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The Chancellor on student loans

October 14, 2017

The Commons Treasury Committee has announced its own review into English higher education, bringing the number of parliamentary committee inquiries to three.

I’ll be appearing at the first oral evidence session on Wednesday, which you can watch live on Parliament TV. In preparation for that (and for the Economic Affairs committee hearing the following week), I’ve been having a look at Philip Hammond’s appearance before the EAC last month. The transcript is available here.

Hammond’s is a guarded performance. His appearance occurred before the Conservative party conference and before the changes to loan repayment thresholds and the freezing of fees was announced and confirmed.

The most interesting comments are on the sale of loans.

Hammond provides a general justification for the policy:

“It is the Government’s intention, where they find that they hold assets on the public balance sheet for which there is no policy or strategic reason, to realise those assets and thus reduce public sector debt, helping us to achieve our debt targets and/or create capacity to do other things in line with policy priorities.”

Setting out clearly that there is a preference for cash (liquid asset) over the loans (illiquid asset) because of the composition of Public Sector Net Debt – illiquid assets are excluded from that headline statistic. Alternatively, the cash can be spent to ‘do other things’.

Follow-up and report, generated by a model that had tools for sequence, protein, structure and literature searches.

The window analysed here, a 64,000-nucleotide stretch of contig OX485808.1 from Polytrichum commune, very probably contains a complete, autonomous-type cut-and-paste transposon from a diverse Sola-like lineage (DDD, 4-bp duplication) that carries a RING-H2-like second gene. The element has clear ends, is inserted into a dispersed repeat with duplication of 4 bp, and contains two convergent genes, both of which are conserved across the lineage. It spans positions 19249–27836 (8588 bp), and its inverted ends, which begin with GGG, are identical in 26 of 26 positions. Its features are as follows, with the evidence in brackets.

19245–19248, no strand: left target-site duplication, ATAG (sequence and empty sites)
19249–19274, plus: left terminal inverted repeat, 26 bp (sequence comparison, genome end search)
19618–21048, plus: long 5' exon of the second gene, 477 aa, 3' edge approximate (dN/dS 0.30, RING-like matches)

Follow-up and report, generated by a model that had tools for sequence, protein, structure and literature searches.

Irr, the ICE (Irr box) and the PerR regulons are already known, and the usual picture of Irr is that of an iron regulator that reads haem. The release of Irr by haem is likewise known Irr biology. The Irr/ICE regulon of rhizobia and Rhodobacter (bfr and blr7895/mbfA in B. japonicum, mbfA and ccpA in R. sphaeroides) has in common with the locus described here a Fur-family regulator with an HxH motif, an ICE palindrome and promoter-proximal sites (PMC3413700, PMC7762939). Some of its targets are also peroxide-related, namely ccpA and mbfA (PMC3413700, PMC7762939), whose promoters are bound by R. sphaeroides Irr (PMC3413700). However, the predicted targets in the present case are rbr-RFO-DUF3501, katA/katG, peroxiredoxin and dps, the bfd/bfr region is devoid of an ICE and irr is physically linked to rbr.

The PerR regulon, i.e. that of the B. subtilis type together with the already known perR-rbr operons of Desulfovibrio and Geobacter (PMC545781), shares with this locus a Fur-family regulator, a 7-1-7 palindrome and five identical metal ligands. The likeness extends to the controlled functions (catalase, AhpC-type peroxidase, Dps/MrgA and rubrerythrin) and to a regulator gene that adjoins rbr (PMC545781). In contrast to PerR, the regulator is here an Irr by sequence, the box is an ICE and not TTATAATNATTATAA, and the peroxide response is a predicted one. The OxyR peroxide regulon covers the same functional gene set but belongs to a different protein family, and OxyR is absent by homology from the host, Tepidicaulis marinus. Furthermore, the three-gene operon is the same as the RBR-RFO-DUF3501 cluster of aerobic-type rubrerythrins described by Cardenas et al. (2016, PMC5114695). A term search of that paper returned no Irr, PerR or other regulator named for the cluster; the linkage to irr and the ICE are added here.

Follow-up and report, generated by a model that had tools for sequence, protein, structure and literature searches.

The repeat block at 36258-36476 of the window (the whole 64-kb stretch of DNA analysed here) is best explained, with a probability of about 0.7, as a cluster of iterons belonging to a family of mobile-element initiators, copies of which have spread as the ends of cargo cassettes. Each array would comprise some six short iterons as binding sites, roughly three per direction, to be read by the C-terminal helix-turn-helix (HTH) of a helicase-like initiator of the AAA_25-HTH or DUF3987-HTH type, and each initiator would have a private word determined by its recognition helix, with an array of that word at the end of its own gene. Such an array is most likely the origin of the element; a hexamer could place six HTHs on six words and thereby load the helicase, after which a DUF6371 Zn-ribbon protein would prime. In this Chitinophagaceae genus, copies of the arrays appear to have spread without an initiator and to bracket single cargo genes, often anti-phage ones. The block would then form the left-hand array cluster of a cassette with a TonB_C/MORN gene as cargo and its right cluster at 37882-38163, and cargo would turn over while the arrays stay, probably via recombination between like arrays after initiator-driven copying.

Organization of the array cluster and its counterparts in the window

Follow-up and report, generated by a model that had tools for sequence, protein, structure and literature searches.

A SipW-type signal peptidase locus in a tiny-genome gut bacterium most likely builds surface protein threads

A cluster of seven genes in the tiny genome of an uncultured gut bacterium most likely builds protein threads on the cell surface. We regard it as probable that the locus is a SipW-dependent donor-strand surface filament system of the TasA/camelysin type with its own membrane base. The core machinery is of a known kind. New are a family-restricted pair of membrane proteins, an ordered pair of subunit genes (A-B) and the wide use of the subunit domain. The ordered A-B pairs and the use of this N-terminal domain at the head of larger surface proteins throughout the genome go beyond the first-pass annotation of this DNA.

But skirts round the issue of selling loans at a loss:

“As regards selling debts at a loss, as I said, the design intention of student loans is that they will not all be fully repaid. That is not the expectation. Clearly, there is a notional anticipated repayment level for any particular tranche of loans. Each tranche of loans has a different design structure. The market will price a book of loans, both to reflect risk and the market view of recovery rates and the market’s requirement for a discount rate.”

First, he conflates the fact that loans are ‘impaired’ (they are worth less than their face value) with the very likely outcome that loans would be sold at less than they are worth. That is, the fair value of loans (recorded in Department for Education accounts) is less than their face value, but an acceptable price might be lower still.*

Second, there is a breezy reference to discount rate, which runs together various rates: the financial reporting rate behind the fair value; the value for money test rate; and a discount that might be offered to purchasers. Unfortunately, no follow-up questions interrogated this statement. But this particular use of discount rate occured twice:

“Of course, the intention is to market portfolios of loans, and the price—and thus the discount rate—will be set by the market when a package of loans is brought to market.”

Again, there is no reference to the separate value for money test, that is meant to test whether the discount rate used by the private sector leads to an acceptable price. (This Vfm test is already skewed so that a sale that leads to a loss would pass).

Elsewhere, Hammond emphasised the clear policy commitment to a sale, but also indicated that we are still at a ‘market-testing’ phase. The tone might lead one to conclude that the government is having to go further than anticipated to get a bite from the ‘market’. It’s hard to see the recent chopping and changing of post-2012 loans not affecting market appetite for what’s on offer (and that’s before remembering that pre-2012 loans have an interest rate of 1.25% at present – well below inflation).